Beautiful poem! Emily continues her observations of the cycles of the day from sunset (‘If this is “fading”‘) and sunrise (“As Watchers hang upon the East“) to this poem which deals with the entire procession of the day – she even references Helios’ chariot. And all through the poem she plays with an ‘s’ alliteration as if it could be a summer’s breeze blowing through the whole poem, or even perhaps the sound of cicadas.
Twice in this poem she uses the female pronoun “her” not only to refer to the sun and the sun rising, “her flambeaux” and “her amber Flag”, but she is also referring to herself, Emily, the poet watching and writing. This continual act of creation of the day and the night and the new day again mirrors her own act of creation through her poetry in which not only does she observe the day, she creates the day in her own words. Emily is, in fact, playing the role of Helios as she guides the sun across the sky of the poem, a continual act of creation that illuminates the beauty of the world through the written word, specifically through her use of ‘s’ alliteration which not only could be a gentle breeze or cicadas, but the sun itself. In the stanzas where the sun is up (and the moon is bright) she leans heavily on this alliteration, but when the sun and moon are not visible, the alliteration is very slight until the final two lines of the poem which reintroduces the pattern with “dews” and “summer’s”.
In fact, the “something” she keeps referring to “in a summer’s” day or noon or night is this mysterious ‘s’ which combines perhaps sound (a breeze, a cicada) with the visual element of the light. Emily’s synesthesia could be what she is investigating and which she can only refer to as a “something”, and it’s a “something” she can only express in poetry. This is why I believe she is not only writing about the cycles of the day, but also about the very act of creation itself.
Formally, the poem can be read in a loop – the final line reveals a new “summer’s Day” and the first stanza explores the morning before “noon” (she explores “noon” in stanza two, therefore stanza one is likely the morning). Her rhyme scheme is unusual in that at first I transcribed it as AAB CCD EEF GGH IIJ KLML, but when I went back I think it’s actually AAB CCB DDB EEB FFG HHI JKLK because this would connect the first four stanzas in which there is a light visible (the sun and then the moon) which then leads into the dark of the night (stanzas five and six who have their own pattern) and finally stanza 7 which is unique just like every sunrise is unique. This JKLK rhyme seems to mimic a new day being forged as the sun who is the same everyday and is “gay” every “Day” (the K rhyme) creates a unique “summer’s day” each “morn” “coming thro’ the dews” (the J and L). Thus stanza six and seven stream into each other with a HIJKL before we get another repeat of K: “Crag”, “Red”, “morn”, “gay”, and “dews” before we get a repeat of “Day” (which is a not only “Another” day, but also a new day, too.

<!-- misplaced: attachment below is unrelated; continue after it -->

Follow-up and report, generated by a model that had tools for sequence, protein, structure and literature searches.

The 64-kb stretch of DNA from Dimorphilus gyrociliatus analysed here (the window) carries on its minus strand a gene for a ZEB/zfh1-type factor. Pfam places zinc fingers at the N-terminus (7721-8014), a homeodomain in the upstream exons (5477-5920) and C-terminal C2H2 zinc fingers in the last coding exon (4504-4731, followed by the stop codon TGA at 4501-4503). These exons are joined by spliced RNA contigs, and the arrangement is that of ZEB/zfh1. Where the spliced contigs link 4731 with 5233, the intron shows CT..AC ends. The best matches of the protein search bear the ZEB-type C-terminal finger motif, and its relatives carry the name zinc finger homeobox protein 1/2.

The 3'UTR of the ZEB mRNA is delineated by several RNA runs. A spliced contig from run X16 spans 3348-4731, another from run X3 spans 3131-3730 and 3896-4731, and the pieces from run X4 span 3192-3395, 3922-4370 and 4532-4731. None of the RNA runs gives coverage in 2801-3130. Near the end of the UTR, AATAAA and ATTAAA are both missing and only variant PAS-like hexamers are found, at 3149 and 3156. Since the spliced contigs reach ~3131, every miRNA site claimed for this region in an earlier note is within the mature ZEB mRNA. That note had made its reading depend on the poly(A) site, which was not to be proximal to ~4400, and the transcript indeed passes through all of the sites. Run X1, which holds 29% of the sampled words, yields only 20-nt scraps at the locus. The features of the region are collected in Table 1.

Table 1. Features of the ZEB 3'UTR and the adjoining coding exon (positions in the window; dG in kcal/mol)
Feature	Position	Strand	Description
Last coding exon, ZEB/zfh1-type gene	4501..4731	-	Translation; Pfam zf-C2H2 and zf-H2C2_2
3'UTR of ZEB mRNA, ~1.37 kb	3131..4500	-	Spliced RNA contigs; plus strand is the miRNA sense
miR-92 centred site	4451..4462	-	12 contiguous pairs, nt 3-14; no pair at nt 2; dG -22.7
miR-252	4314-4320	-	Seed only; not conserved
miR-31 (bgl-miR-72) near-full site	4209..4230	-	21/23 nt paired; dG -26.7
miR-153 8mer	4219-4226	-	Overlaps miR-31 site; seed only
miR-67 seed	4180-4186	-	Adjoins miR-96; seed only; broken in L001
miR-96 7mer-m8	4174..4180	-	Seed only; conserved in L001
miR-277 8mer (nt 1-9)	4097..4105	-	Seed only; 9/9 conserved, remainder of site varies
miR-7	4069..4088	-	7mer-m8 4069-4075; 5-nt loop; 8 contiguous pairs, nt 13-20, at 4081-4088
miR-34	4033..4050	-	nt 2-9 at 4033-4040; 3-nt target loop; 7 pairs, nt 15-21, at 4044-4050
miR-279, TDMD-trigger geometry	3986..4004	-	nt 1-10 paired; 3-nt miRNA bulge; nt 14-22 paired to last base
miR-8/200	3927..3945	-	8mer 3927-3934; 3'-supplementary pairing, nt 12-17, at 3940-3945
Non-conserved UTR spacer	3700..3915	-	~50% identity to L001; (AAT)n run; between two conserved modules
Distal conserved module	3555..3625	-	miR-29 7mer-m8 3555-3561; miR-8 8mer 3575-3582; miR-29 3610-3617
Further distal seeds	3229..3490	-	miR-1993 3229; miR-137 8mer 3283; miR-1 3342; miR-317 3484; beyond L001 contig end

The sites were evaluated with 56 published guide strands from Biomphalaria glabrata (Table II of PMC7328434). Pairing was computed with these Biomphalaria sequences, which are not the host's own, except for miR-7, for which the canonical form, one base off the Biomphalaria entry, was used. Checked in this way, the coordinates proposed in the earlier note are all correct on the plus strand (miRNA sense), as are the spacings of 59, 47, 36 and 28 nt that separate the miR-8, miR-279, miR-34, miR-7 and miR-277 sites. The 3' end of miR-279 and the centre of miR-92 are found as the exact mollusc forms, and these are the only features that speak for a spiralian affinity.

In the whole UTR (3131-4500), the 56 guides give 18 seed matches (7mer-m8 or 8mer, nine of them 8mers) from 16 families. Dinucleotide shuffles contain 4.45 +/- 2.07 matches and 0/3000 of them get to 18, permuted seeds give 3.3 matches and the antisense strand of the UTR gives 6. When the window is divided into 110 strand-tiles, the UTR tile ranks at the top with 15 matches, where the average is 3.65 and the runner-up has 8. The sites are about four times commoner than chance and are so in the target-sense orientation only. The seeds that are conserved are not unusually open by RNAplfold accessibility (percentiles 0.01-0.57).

And Emily refers to the procession of one day into the next not only with her allusion to Helios who “Guides” “His caravan of Red” across the sky, but also with her use of “solemnizes” which means to observe something with “some amount of ceremony” (OED). Emily not only is observing what is going on around her but she is also creating the procession of one day into the next as the poem progresses across the page (and through the sky). She is both observer and creator, hence her use of the pronoun “her” in the poem.
Finally, she refers to “The wizard fingers” which is not only perhaps God’s “fingers” (be it the Christian God or another ancient Greek deity, such as Helios or Apollo or a reference to Book 24 of the Iliad and Homer’s use of Eos’ rosy fingered dawn) but she is describing her own “fingers” that “never rest” as she writes every day. Her acts of creation mimic the act of daily creation, and her poetry is like a summer’s day when the flowers bloom and life and energy and light is abundant. Yet she also concedes that even her poetry cannot fully capture the glory of a summer’s day when she describes how the “purple brook” – which is not only an image of a brook in the predawn darkness but also an image of blood flowing through the body and an allusion to the ink flowing from her pen – cannot truly be contained in its “bed” because its beauty is so great that nothing can capture it. In fact this is something Rilke would write about in his poetry years later when he would describe how the love inside us is larger than the size of our heart and our body – in other words, we carry around something in us that is larger than us and so it “chafes its narrow bed” (with “bed” also being a reference to sleep and dreams).